Archive for February, 2011

February 24, 2011

koth_notsureyet – Preliminary Design

Good morning to one and all!

I’ve finished with my research (i.e. I couldn’t stand it anymore) and put the proverbial pen to paper on my initial design for my KOTH TF2 map. I went with the prison concept because I felt it was much more original and had the potential for something really exciting. The central control point will actually be pretty awesome too, a maximum security cell will be the visual landmark, my initial idea is to be able to look inside the cell… but we’ll see if it’s technically possible to stick a dude in there before I get too excited about it.

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February 23, 2011

TF2 Map – King of the What?

Hi everyone,

This is going to be a sort of ‘off-the-top-of-my-head’ post, as I process some thoughts about my TF2 map design. Later this week, I’ll probably come up with a proper problem statement (like I did for my LoL tank design).

I’ve been playing KOTH maps on TF2 for the past few days, although not that much. As I said last time, I don’t like the mode. Fighting over one point is pretty much just a deathmatch but with an objective to funnel players into a conflict zone. Of course, designating a main area means that you can add other paths and routes on the map to promote strategies like flanking, pincer attacks and sabotage.

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No more KOTH map research, please!

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February 22, 2011

LoL Tank Update – Draft Concept Art

Thought I’d update people on the status of my LoL tank design. Been quite busy, especially as Riot just released a new tank and I wanted to see if anything has improved! Unfortunately, I had to earn 6300IP (and you get about 100 per win, and each game lasts around 40 mins) and Maokai is rather underwhelming after 3-4 days playing him. So a pain in the ass on both counts, and creating my LoL tank aesthetic has suffered.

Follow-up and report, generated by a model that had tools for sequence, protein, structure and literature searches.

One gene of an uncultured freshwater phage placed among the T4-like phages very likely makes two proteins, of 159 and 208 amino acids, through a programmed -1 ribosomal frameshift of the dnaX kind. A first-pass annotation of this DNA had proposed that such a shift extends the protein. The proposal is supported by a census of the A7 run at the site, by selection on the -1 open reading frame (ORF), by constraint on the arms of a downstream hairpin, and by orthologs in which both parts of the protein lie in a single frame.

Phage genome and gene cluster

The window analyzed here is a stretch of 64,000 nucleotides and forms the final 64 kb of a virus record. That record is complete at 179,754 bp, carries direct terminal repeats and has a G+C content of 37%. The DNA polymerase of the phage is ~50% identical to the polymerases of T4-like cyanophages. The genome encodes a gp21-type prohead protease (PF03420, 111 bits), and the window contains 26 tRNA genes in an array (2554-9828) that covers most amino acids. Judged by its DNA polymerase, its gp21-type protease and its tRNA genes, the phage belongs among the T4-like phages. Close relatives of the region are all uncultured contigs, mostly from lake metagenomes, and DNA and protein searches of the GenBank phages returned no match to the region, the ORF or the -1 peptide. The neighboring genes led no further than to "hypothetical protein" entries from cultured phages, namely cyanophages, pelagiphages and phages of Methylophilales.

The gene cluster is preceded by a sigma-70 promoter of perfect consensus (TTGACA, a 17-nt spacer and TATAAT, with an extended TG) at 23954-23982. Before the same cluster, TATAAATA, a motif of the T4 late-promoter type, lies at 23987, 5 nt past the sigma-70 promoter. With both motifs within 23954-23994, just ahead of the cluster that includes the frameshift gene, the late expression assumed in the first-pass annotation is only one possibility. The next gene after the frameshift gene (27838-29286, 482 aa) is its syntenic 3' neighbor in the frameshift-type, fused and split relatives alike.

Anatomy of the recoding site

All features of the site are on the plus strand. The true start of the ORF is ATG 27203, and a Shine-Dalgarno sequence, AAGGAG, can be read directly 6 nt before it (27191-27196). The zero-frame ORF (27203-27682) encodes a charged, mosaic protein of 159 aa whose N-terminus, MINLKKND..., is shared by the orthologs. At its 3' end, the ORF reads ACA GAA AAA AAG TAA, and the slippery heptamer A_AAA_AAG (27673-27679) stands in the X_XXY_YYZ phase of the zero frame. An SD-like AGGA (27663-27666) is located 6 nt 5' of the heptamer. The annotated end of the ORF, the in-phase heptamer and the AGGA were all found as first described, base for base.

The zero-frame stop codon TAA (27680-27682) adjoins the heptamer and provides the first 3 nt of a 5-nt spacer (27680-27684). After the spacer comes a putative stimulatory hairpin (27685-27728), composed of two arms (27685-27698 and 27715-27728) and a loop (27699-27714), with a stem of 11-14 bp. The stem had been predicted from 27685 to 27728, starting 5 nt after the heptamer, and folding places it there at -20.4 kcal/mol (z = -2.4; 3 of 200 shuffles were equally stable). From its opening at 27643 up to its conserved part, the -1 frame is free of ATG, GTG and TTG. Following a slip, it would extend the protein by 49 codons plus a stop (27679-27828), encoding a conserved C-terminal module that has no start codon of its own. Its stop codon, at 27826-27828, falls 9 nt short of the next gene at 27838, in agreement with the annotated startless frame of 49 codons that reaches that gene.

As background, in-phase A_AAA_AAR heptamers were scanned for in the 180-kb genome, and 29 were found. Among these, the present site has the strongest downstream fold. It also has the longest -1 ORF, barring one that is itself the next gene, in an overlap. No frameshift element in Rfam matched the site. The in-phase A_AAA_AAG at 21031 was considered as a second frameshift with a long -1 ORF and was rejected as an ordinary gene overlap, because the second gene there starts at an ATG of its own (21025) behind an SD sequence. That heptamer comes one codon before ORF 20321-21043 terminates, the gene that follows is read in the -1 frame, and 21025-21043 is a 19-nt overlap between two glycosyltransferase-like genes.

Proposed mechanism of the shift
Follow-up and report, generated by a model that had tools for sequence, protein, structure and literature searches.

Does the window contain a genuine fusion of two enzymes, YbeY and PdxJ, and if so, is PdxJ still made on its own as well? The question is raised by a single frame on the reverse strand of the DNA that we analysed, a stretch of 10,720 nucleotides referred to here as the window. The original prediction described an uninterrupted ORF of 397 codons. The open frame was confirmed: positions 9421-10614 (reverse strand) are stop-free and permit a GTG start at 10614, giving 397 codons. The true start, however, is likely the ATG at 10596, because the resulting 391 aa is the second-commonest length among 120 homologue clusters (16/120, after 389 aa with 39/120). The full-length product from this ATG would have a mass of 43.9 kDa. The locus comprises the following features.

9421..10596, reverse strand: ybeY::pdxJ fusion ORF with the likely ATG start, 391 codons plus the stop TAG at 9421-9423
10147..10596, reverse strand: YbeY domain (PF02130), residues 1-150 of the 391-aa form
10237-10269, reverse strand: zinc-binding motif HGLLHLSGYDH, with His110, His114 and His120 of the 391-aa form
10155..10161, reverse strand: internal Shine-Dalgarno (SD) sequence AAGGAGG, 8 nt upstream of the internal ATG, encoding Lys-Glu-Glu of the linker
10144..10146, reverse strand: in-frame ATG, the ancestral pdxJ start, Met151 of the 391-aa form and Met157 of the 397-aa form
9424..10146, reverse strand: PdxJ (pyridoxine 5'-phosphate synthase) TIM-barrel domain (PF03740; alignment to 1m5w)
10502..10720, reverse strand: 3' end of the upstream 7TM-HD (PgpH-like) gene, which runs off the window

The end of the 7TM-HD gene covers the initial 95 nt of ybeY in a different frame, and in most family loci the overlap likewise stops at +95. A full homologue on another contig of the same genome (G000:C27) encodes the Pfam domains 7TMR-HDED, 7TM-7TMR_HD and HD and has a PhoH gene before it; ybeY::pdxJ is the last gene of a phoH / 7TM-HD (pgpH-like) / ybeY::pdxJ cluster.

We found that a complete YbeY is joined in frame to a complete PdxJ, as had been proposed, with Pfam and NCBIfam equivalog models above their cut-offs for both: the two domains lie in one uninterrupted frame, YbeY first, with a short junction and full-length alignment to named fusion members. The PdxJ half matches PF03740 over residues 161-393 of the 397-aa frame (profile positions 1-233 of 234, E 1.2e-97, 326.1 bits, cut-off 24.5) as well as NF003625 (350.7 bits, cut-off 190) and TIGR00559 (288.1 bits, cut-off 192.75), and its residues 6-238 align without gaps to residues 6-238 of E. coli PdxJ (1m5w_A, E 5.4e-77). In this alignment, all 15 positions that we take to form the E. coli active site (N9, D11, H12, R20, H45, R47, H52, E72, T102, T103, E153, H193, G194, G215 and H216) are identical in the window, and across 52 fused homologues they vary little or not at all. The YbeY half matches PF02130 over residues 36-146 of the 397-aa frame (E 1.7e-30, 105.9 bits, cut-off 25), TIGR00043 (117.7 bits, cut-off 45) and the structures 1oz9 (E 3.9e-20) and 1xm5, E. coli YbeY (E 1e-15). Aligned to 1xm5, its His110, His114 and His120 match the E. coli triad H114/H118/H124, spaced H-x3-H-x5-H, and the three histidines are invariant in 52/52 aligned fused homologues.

I drew my champion on paper and then scanned it into the computer. I was going to colour and shade it using a graphics package. It’s taken a while, and it’s criminally boring! In case anyone is following this project, I thought I should include the original drawing while I finish up the sexy coloured version.

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My first drawing and draft of my female champion's aesthetic.

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February 17, 2011

OK, OK… hear me out. Changing my TF2 map.

Right,

I’ve been slowly making my TF2 map, pl_extraction, and learning the Hammer Editor at the same time. I’ve been reading tutorials, trying new things, failing new things and talking to mappers in the TF2 Mappers Group on Steam. The group chat has grazr in it! The guy who wrote all the tutorials I’ve been plagurizing errr quoting!

After trying to figure out why my map wasn’t compiling, I was explaining what I was doing with a curved corner in my mountain tunnel. Apparently I was doing it all wrong. I should just be using hard corners until I get some tests done. That’s how I should be thinking. It doesn’t matter how pretty my map is, I need to get something functional, balanced, fun and small… test it to oblivion and go for pretty and big. I was also advised that Payload is a really difficult mode to start with, and that I should try something much simpler for learning purposes.